Uganda continues to persecute LGBTQ people
In another systematic crackdown on the LGBTQ community in Uganda, a gay bar in the capital Kampala has been raided and 127 people arrested.
Openly reports that of the 127 people arrested at Ram Bar, 67 people have been charged with an offence of ‘causing nuisance’ – if convicted they face up to one year in jail.
“This is just a homophobic attack…” LGBTQ activist Raymond Karuhanga told Openly. “These were people in a club, not even on the streets. They were having fun, listening to music. Then you arrest almost 130 and charge them with being a public nuisance – they just want to silence us as a community.”
“Over the past two months, there have been a number of arrests among people who identify as LGBTQ and also a number of homophobic attacks…” said Patricia Kimera – a lawyer representing those arrested at Ram Bar.
Targeting sexual health services
Another recent example of Uganda’s persecution of LGBTQ people was the arrest of 16 sexual health workers – all arrested on allegations of gay sex. According to reporting by The Guardian, the men – all aged between 22 and 35 – were taken into custody earlier in recent weeks, having been arrested at the office of the sexual health charity where they all worked and lived.
The men all worked for the charity Let’s Walk Uganda. They were initially taken into what the police described as protective custody, after a crowd yelling homophobic slurs surrounded their office. Police later said the group was detained after they were alerted to “illegal activities” by the community.
A police spokesman said that officers had found lubricants, condoms and anti-retroviral drugs at the charity, and had conducted medical examinations on all 16 men arrested.
“Based on the medical examination report, it was established that the suspects were involved in sexual acts punishable under the penal code…” said police spokesman, Patrick Onyango. The authorities are reportedly considering the case before any court appearance. If charged and convicted, the men face life imprisonment.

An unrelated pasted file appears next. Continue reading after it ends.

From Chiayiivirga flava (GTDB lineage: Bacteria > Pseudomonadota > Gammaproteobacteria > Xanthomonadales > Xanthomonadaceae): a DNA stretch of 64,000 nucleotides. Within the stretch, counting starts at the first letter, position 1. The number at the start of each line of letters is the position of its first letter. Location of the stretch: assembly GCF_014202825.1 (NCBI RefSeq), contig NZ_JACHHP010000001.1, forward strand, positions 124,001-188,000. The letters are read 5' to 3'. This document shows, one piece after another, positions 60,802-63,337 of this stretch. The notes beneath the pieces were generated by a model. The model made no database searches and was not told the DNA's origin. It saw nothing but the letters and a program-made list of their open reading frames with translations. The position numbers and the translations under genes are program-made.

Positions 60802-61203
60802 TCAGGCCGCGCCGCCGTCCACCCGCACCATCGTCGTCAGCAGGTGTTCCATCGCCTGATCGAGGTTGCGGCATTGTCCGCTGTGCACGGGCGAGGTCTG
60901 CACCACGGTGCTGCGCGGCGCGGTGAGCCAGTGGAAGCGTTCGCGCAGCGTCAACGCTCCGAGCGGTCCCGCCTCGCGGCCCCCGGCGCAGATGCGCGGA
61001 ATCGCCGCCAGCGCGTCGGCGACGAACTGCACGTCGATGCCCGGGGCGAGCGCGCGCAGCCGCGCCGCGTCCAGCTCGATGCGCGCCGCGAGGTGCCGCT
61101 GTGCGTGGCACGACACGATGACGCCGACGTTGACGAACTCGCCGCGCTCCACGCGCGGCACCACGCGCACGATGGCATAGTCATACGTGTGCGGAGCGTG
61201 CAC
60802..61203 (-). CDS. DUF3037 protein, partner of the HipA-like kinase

Kill The Gays
In recent years, Uganda has been a fairly horrific place to be if you’re queer. It was five years ago that the government tried to introduce a bill that was described as Kill The Gays. That legislation failed on a technicality, but there’s now a renewed push to introduce laws that will make homosexual acts punishable by death.
In 2014, a court found that the Kill The Gays bill was unconstitutional.
“We are putting our act together. Just give us a bit of time…” said James Nsaba Buturo – one of the MPs pushing for the new legislation. “We need a law that defends and protects our values.”
Homosexuality is already illegal in Uganda – a largely conservative Christian country. The current punishment is life imprisonment. According to reporting by the Guardian, hate crimes against queer people – including physical and sexual assault, blackmail and extortion – are common in Uganda, but most victims are too fearful to go to the police. Tabloid newspapers routinely “out” people believed to be gay.
Existing laws are also used to discriminate against LGBTQ people, making it harder for them to get a job or promotion, rent housing or access health and education services. Many flee to neighbouring countries where discrimination – though still acute – is less severe.
After initially indicating it might support the move, the government has backed away from supporting any change to the law after major aid donors expressed their concerns. However, some government ministers – such as Simon Lokodo, Uganda’s state minister for ethics and integrity – are publicly backing the bill on the grounds that targets the ‘promotion’ of homosexuality.
Why is it illegal to be gay in Uganda?
The criminalisation of same-sex sexual activity is a hang-over from British colonial rule, however – following independence – that criminalisation was enshrined in Uganda’s penal code in 1950.
The maximum penalty for same-sex sexual activity is life imprisonment.
There are no protections against discrimination based on sexuality, and there is no legal recognition of same-sex couples.
A 2005 amendment to the constitution strengthened the position against recognition of same-sex couples by explicitly prohibiting same-sex marriage.
How you can help LGBTQ people in Uganda
Find ways to help publicise the stories and experiences of LGBTQ people in Uganda.
Use your networks to raise awareness of the challenges faced by LGBTQ people in Uganda.
Lobby your political representatives to raise concerns regarding Uganda’s criminalisation of same-sex sexual activities through any available diplomatic channels.